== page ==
I made only two alterations to the pattern: one was omitting the zipper in the funnel neck (it being the same width all the way through, the zip served no functional purpose), and the other was removing the self-facing on the neckline and just finishing the neckline with more tape.

Overall, I’m happy with the pattern and happy to perhaps call this one a wearable muslin. This pattern is definitely earmarked for me as a reason to keep my eyes open for an interesting chunky knit, and I hope someday I’ll find one that fits the bill! As always, thanks for reading through. Have a wonderful week ahead!

saki jane - burda style #109 10/2015

14 Comment

  1. How did you use that tape? I’m the opposite, I feel most comfortable sewing with knits, so finishing seams on wovens is confusing me somewhat (as in when one is supposed to do what!).

    1. It’s a woven tape, not on the bias so it has no give whatsoever, but it does have finished edges, so I sewed it on top of the seamlines, with equal parts on either side of the seam. I hope that makes sense! I think most people serge or zigzag their seams in wovens as well, but I prefer to enclose all of my raw edges in my clothes, so I use flatfelled or French seams most often, and sometimes binding seams. It’s all up to what you prefer and what reduces bulk!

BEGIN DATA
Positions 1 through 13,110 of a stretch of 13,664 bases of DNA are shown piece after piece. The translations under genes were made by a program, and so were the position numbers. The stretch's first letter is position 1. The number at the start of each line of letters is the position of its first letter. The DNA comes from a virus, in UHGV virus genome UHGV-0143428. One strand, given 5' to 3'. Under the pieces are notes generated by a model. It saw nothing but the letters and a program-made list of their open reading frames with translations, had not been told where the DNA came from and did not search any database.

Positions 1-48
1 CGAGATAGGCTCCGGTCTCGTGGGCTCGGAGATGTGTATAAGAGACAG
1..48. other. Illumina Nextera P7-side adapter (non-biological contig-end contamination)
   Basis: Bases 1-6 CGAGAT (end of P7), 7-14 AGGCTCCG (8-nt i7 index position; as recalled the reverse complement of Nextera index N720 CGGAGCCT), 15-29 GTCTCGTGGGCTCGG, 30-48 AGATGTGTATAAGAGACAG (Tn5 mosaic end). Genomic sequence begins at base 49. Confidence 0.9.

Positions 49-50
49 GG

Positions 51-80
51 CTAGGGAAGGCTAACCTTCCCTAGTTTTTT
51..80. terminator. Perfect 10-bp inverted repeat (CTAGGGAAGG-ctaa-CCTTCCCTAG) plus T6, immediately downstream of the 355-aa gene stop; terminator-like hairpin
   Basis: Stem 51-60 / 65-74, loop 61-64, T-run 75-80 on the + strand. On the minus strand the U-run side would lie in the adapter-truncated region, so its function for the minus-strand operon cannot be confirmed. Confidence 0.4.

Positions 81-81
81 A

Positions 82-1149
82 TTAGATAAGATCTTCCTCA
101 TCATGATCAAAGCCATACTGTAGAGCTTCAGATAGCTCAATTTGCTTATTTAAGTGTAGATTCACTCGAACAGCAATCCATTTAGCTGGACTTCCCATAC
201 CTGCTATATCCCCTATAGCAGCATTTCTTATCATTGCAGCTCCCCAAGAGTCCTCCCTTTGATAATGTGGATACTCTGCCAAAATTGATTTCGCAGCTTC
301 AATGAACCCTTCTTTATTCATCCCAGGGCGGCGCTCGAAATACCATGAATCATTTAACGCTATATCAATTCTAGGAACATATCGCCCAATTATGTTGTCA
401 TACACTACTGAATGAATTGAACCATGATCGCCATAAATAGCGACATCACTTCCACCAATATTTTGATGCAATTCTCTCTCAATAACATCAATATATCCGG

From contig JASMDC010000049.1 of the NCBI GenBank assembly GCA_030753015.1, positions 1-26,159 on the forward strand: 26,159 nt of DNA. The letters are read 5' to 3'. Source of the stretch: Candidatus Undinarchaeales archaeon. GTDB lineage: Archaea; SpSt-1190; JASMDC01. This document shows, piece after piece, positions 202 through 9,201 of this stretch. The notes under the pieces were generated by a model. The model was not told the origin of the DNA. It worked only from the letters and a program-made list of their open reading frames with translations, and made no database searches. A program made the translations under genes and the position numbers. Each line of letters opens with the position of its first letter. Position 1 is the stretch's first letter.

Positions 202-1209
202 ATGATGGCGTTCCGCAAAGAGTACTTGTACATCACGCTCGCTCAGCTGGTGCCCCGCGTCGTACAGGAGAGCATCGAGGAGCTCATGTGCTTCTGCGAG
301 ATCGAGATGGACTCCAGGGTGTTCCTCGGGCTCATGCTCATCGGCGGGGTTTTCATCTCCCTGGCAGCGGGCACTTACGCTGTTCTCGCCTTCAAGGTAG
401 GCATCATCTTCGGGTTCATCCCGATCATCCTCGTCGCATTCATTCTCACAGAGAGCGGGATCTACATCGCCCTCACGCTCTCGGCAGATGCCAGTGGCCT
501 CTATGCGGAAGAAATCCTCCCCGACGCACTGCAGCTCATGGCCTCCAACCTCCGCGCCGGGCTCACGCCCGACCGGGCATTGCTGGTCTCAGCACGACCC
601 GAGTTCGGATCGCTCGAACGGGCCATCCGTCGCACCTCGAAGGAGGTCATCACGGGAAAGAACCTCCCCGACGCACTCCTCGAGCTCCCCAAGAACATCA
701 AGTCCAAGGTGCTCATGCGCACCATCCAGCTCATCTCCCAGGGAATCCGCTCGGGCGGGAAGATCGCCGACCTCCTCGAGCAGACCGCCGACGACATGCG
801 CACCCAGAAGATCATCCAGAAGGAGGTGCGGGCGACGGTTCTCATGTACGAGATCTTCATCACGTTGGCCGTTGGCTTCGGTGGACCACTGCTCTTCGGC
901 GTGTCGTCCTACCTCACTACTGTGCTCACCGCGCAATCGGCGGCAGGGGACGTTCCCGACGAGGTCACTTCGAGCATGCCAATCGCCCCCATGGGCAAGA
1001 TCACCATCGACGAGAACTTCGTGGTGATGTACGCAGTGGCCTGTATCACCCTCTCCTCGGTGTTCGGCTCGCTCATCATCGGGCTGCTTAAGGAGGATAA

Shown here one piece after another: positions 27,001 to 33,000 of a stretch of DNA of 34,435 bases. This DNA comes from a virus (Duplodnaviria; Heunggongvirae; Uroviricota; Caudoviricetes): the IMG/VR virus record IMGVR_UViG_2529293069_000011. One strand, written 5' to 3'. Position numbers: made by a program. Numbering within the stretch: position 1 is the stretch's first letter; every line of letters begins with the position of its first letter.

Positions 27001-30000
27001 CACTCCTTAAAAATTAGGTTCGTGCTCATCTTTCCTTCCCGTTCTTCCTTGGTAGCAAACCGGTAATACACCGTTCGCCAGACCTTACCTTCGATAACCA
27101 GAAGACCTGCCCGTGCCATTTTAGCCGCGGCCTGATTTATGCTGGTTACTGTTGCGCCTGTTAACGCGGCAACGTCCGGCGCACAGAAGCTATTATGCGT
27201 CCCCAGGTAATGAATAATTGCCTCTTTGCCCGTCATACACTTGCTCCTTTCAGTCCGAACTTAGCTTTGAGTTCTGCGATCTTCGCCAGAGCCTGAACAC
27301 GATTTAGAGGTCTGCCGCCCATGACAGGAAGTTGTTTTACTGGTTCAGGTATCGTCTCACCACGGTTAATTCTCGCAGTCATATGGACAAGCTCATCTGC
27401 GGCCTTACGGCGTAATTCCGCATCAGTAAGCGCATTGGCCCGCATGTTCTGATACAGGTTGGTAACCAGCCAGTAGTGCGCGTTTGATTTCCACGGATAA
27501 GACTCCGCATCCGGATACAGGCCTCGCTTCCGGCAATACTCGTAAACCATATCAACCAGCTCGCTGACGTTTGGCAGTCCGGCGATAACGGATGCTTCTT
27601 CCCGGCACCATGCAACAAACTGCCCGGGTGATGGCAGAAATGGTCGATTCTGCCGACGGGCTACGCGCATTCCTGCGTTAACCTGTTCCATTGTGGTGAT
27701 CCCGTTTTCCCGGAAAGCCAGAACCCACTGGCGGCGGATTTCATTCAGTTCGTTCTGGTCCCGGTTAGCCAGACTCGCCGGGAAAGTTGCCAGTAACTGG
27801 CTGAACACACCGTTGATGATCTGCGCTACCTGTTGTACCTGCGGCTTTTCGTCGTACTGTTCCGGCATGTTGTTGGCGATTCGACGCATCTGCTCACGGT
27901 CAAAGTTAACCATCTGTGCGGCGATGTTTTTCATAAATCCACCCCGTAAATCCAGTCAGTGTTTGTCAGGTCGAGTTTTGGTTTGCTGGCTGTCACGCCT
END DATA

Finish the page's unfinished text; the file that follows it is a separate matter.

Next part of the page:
1. Thanks Eimear! I hadn’t seen it made up either until I googled the pattern and saw that, not surprisingly, I wasn’t the only person who’s made this!

  2. I love the seam lines on this top too! It has a real couture vibe and I love what you said about wearing it a lot because you aren’t afraid to get it dirty. Elizabeth Suzann (designer and garment maker in the US) wrote a blog post recently about how she loves to see her clothes worn by artists who love to work in them – not afraid to get them messed up. They LIVE in them 🙂

    1. Thanks Kathleen! I think you’re right- the drape does give it a couture vibe! I’ll run with that when I’m wearing it! I love Elizabeth Suzann’a blog, too. I didn’t catch that blog post, but I’ll have to go back and read it. Thanks for sharing.

  3. I have made this top in a knit. But there was too much of it and I never wore it. This looks great in pictures but I imagine might not be great to wear because of the structure. Looks really cool though!

    1. That’s the biggest complaint I’ve heard from other makers- “there is too much of it.” Also, it actually is bery comfortable- easy to throw on, easy to travel with, easy to make in, and it’s not at all constricting. It’s more the look of the structure that throws me off.